Start Up No.1467: Brexit’s dawning reality, should Sandberg resign?, the Westminster Abbey railway, the bitcoin heaters, and more

Radio was the social media of 1930s America – and led to a big ban that might sound familiar CC-licensed photo by Joe Haupt on Flickr.

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A selection of 11 links for you. Inaugural. I’m @charlesarthur on Twitter. Observations and links welcome.

That time private US media companies stepped in to silence the falsehoods and incitements of a major public figure … in 1938 • The Conversation

William Kovarik is professor of communication at Radford University:


In speeches filled with hatred and falsehoods, a public figure attacks his enemies and calls for marches on Washington. Then, after one particularly virulent address, private media companies close down his channels of communication, prompting consternation from his supporters and calls for a code of conduct to filter out violent rhetoric.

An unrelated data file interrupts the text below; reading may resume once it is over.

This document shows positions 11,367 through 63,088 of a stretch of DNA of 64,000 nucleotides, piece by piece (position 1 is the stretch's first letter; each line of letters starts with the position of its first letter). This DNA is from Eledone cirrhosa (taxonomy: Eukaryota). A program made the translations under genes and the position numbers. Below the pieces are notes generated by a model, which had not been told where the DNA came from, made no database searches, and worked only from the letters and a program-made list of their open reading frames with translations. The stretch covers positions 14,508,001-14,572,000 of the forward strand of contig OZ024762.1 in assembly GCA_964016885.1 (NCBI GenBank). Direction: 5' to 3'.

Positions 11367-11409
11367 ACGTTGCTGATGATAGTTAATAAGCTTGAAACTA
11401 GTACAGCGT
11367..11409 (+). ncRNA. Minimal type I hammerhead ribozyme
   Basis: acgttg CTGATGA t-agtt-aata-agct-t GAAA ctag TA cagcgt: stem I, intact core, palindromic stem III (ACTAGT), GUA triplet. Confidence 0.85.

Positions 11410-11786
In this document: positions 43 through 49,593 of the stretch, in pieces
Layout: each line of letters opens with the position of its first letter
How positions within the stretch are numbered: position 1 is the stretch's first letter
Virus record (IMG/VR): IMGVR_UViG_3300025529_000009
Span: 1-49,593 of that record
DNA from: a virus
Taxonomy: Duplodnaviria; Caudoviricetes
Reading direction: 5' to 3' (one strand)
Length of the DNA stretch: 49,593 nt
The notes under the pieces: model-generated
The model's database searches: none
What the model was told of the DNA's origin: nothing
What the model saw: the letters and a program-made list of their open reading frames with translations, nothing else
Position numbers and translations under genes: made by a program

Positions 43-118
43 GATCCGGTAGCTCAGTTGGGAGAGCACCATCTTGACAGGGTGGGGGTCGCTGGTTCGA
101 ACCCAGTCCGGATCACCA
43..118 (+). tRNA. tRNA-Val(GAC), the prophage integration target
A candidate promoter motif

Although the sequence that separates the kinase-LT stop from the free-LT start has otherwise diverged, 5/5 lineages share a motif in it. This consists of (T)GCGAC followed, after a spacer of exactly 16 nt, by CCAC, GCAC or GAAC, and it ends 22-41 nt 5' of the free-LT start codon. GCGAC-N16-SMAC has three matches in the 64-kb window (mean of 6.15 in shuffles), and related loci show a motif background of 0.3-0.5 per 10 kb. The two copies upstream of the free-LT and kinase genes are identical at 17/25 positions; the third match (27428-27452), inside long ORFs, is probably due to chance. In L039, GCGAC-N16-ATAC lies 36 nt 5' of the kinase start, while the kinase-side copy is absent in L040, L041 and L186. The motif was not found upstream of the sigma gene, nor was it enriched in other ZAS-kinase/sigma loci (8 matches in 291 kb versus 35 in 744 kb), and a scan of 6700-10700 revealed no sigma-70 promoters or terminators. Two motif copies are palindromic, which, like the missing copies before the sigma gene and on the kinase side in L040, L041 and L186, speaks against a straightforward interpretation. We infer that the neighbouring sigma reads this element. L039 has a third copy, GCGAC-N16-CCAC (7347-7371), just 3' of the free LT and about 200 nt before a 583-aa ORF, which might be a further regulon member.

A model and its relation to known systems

Sound familiar? Well, this was 1938, and the individual in question was Father Charles E. Coughlin, a Nazi-sympathizing Catholic priest with unfettered access to America’s vast radio audiences. The firms silencing him were the broadcasters of the day.

As a media historian, I find more than a little similarity between the stand those stations took back then and the way Twitter, YouTube and Facebook have silenced false claims of election fraud and incitements to violence in the aftermath of the siege on the US Capitol – noticeably by silencing the claims of Donald Trump and his supporters.